Impacts — from batteries to career choices

Categories: General News

When Sofia Verdi was deciding on a university, her top two choices were UNC Charlotte and Virginia Tech. 

“One deciding factor was Charlotte’s rapid growth and the resources invested in the engineering program,” Verdi said. As she would soon discover, her decision was on target and would provide direct, positive impact for her college career. 

“I’m glad I chose UNC Charlotte because I got to join a research group at its inception, which allowed many research areas from which to choose. I was excited to learn UNC Charlotte had a research area aligned to my passion for safety and sustainability,” she said. 

Verdi now applies that passion to her work with Anthony Bombik’s research team in BATT CAVE, the North Carolina Battery Complexity, Autonomous Vehicle and Electrification Research Center, where she is studying lithium-ion batteries. 

Some electronic vehicles may struggle with long distances because the batteries require a relatively large amount of space and weight compared to the energy they carry, Verdi noted. However, a structural approach to EV batteries can address the range issue.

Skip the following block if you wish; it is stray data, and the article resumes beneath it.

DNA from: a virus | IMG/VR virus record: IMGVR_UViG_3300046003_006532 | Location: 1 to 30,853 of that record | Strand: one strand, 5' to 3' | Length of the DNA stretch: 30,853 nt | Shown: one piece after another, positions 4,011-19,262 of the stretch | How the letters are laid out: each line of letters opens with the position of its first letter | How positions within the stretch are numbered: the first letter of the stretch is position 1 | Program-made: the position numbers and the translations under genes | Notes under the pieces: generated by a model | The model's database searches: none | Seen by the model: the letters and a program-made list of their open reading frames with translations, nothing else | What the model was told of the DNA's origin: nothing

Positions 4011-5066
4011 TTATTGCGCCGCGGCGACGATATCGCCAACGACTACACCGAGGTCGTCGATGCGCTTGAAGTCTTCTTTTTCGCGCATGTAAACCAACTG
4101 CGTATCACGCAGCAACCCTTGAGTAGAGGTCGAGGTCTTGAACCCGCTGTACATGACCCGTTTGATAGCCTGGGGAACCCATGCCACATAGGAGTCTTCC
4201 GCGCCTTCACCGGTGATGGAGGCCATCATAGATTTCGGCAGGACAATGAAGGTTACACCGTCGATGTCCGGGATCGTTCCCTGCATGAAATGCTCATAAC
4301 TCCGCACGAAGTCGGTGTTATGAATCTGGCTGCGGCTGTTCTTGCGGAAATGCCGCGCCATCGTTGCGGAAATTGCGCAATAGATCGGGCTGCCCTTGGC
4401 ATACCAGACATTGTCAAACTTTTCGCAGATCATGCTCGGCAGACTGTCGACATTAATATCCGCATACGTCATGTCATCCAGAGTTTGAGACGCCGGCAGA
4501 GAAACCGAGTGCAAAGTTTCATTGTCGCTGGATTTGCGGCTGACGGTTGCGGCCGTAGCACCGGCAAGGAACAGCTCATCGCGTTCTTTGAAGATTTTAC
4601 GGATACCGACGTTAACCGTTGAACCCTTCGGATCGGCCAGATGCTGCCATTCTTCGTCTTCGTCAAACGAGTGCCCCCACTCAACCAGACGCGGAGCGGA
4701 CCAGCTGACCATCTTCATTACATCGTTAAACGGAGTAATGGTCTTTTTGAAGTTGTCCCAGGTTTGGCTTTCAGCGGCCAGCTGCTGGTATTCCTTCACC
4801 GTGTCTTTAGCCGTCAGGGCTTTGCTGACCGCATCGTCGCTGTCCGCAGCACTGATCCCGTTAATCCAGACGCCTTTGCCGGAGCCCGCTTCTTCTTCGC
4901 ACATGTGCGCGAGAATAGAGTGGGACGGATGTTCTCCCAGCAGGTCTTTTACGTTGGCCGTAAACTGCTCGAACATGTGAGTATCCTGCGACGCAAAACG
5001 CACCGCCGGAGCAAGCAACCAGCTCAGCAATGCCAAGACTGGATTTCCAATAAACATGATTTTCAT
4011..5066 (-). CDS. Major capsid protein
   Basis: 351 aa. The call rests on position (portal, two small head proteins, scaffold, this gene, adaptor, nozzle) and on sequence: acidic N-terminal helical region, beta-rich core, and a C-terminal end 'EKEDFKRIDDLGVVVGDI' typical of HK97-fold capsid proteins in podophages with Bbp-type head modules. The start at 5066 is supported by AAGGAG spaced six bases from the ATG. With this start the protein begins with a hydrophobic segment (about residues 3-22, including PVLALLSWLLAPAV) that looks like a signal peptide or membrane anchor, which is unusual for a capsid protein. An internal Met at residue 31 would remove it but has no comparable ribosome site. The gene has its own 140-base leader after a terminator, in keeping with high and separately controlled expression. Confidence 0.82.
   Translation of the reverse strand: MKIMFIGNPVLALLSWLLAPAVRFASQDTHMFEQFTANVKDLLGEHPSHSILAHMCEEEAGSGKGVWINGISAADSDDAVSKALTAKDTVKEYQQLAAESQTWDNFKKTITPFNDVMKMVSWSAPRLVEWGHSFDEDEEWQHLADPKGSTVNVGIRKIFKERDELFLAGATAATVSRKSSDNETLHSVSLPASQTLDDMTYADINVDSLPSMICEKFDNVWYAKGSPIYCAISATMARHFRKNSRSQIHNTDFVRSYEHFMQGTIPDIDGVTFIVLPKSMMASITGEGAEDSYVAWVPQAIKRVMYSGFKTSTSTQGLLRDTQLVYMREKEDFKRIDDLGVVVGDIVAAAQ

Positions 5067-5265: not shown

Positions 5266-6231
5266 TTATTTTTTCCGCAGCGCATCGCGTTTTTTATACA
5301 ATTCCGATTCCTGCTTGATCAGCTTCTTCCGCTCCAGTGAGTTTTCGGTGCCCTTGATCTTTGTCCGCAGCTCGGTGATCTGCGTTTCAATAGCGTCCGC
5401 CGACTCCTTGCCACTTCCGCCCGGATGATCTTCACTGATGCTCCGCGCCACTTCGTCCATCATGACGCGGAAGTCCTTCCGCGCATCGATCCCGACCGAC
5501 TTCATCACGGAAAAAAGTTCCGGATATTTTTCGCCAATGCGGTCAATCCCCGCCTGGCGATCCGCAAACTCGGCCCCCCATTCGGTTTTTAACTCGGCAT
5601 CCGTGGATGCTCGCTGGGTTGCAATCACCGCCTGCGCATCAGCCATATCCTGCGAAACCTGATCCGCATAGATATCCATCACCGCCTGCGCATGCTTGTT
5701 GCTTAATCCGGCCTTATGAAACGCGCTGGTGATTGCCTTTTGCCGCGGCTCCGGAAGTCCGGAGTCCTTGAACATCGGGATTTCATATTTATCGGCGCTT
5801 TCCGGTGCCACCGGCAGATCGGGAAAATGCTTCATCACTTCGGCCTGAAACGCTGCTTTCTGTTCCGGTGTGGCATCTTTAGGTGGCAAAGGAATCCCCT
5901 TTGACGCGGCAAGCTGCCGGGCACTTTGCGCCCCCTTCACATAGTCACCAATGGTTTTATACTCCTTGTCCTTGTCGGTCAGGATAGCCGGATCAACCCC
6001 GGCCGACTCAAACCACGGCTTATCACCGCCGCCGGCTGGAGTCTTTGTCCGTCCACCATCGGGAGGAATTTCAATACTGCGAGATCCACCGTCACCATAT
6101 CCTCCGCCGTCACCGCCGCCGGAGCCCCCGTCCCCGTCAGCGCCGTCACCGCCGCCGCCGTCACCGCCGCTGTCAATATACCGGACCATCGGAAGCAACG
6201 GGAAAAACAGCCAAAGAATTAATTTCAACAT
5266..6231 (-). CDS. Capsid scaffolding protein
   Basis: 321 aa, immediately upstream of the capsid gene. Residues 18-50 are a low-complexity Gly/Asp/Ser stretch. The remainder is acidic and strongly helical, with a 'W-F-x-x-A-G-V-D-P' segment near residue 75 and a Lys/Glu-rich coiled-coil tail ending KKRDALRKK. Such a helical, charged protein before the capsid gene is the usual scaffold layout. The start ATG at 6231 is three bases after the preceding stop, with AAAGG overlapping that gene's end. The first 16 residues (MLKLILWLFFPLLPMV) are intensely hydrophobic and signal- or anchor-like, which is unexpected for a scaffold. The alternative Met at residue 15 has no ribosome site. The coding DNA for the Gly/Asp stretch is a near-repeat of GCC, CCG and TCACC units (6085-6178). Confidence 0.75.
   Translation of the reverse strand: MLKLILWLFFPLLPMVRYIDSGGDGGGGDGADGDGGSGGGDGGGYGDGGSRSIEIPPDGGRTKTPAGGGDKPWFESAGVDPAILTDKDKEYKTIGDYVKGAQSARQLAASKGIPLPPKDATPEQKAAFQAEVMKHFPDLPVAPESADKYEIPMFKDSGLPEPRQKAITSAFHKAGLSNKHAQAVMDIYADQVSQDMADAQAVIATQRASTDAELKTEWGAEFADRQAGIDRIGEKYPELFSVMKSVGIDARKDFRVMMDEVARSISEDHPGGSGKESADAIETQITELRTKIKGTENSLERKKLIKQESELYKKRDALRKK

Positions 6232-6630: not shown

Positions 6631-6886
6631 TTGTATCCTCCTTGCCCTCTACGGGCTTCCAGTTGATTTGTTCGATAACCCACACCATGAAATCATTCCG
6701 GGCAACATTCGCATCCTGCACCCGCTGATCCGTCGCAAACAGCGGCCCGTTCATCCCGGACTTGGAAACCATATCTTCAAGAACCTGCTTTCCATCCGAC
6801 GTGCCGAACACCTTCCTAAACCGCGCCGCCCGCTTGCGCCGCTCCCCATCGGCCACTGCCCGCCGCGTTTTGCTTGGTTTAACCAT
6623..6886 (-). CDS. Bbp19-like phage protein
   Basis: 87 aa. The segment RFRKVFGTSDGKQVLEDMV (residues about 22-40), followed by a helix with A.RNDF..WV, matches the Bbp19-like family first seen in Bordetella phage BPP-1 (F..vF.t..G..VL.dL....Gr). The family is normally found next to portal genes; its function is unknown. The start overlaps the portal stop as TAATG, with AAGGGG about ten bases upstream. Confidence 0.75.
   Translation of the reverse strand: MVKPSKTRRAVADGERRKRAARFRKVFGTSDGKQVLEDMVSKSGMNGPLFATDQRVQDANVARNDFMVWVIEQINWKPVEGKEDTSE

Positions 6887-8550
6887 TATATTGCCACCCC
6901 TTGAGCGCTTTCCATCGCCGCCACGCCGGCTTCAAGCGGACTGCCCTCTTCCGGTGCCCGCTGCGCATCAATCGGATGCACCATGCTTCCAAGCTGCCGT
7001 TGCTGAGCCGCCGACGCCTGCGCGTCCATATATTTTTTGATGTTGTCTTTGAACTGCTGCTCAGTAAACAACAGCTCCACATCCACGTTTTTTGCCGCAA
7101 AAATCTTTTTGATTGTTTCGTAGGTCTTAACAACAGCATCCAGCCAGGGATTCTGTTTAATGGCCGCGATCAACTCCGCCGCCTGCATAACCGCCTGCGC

“Batteries can be used as part of the vehicle structure itself,” said Verdi. “This allows the EV to carry more batteries and drive longer ranges without adding unnecessary weight.” This directly supports the sustainable goals of EV’s overall, she added.

Likewise, Verdi recognizes EV battery safety concerns, like thermal runaway or overheating. “Thermal runaway can occur, for example due to impacts from traffic accidents, which presents a serious safety issue,” Verdi said. “So I conduct impact tests on different battery designs to help ensure that structural batteries can be safely implemented into EVs. I hope my research will help facilitate large-scale application of structural batteries.”

She was so confident in her goals and direction that Verdi applied and was accepted into early entry to the master’s program in mechanical engineering. This head start has allowed her to begin her graduate studies as an undergraduate, making efficient use of time and resources, and making a substantial impact on her next steps.

“Because I have been able to start on research related to my thesis as an undergraduate research assistant, I am set to graduate with my MSME two semesters after my BSME,” said Verdi.

Anthony Bombik, assistant professor of mechanical engineering, discusses structural batteries with his team.